Apparently the indigenous people of Eastern Siberia have the lovely phrase, ‘the whisper of the stars‘.

When the temperature drops below the mid-minus 50s Celsius, a soft whooshing sound can sometimes be heard, like rice or grain being poured. This noise is caused by the moisture in one’s own exhaled breath turning to ice crystals in the cold dry air.

The Weather Doctor, reporting on temperatures of -64C (-83F) in Canada, gives another description:

The freezing of one’s breath produced a continuous hissing sound similar to dry blowing snow, and a tinkle when the ice crystals hit the ground.

I cannot imagine what -50C would be like, let alone -64C, but there are plenty of people who choose to live in that world.

Ice cliff at the edge of a glacier, Svalbard. It will calve off one day with an almighty boom and wave.

Photo by Bruce Moore

Seeing so much ice and so many glaciers in Svalbard was hard to get my head around – I kept pinching myself to confirm I wasn’t dreaming. Sipping drinks in the comfortable bar of the ship, I could hear the popping of the ice cubes in the drink, taken from small floating chunks of ice  – that released air was very likely to be thousands of years old.

Of course, looking at photos is nothing like actually being there – you’re missing on out on the feel of very cold air in your nose and on your skin, the sounds (the screaming birds, the gentle hum and vibration of the ship and the waves lapping against the bow if we were moving, and the marvellous, deep silence underneath all that), movement, peripheral sights, smells (oh, how clean that air smelt!) – but the beauty cried out to be captured.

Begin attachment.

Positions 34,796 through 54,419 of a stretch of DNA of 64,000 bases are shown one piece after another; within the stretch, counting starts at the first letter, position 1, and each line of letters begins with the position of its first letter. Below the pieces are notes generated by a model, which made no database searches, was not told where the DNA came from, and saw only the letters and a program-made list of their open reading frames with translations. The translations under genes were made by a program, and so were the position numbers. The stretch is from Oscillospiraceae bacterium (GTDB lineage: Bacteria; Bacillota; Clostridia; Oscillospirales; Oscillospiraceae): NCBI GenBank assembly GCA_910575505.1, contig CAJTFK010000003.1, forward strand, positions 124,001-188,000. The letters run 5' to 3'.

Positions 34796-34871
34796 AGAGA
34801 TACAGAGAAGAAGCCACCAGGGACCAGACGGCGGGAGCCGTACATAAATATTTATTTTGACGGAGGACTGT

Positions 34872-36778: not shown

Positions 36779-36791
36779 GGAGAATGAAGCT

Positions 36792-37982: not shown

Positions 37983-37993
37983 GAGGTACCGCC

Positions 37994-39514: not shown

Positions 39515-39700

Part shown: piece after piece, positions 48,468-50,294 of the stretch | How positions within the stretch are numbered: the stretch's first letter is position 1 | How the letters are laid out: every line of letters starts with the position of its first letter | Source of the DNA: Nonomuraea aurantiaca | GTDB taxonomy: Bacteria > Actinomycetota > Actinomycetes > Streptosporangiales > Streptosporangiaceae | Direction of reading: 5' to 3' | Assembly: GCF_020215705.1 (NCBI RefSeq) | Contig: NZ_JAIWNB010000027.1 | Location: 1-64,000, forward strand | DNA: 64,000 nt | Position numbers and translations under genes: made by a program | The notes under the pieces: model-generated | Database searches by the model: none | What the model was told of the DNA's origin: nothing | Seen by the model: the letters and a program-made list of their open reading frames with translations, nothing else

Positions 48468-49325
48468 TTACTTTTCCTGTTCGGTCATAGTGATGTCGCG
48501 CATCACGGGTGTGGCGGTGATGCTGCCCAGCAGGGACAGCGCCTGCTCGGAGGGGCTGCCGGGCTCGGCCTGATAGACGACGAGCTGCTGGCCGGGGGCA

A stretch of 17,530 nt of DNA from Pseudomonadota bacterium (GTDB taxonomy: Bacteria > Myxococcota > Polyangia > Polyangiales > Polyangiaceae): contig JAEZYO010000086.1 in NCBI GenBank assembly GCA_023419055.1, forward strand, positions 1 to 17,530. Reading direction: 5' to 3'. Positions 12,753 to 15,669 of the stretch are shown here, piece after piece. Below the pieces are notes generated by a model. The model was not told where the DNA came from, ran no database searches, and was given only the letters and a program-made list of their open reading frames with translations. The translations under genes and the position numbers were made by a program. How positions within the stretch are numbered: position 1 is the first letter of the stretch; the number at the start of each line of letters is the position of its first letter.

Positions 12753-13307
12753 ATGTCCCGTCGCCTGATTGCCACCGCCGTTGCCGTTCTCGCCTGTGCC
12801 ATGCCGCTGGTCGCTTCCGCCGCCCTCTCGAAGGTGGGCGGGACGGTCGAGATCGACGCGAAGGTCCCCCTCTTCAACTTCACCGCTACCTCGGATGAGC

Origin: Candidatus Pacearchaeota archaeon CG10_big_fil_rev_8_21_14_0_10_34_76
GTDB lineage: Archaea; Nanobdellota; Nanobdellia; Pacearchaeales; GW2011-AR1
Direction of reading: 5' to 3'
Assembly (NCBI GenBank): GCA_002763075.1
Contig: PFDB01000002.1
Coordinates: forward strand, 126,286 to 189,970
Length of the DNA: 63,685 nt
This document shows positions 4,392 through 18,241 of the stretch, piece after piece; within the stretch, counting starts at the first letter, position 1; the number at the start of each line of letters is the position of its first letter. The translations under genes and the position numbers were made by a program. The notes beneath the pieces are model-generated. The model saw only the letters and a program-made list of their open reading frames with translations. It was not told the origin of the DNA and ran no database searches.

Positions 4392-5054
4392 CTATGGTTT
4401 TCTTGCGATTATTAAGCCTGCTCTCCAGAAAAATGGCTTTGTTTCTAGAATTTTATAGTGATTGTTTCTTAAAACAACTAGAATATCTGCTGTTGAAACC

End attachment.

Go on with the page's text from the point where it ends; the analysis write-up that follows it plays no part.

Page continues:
Before the trip, I thought of glaciers as pristine, white and glowing, but the reality can be very different.

The different colours indicate the contents of the ice. The brown is dirt that has been transported down with the glacier, scraped off the rock it has scoured over thousands of years. Clear ice has been compressed over thousand of years, squeezing out any air bubbles that would reflect light. White ice is the result of a top layer of snow, reflecting all colours of light so that we see white. Different shades of blue show the amount of impurities inside. Green indicates algal growth.

Close-up of Svalberg iceberg; photo by MG

As the ice melts, unique artistic forms emerge.

Photo by Bruce Moore

Photo by Bruce Moore

Photo by Bruce Moore

Photo by Bruce Moore

Photo by Bruce Moore

Photo by Bruce Moore

Photo by Bruce Moore

There’s a bunch of descriptive words in English for different forms of ice. Here’s how Jill Fredston puts it in her book Rowing to Latitude: Journeys along the Arctic’s Edge: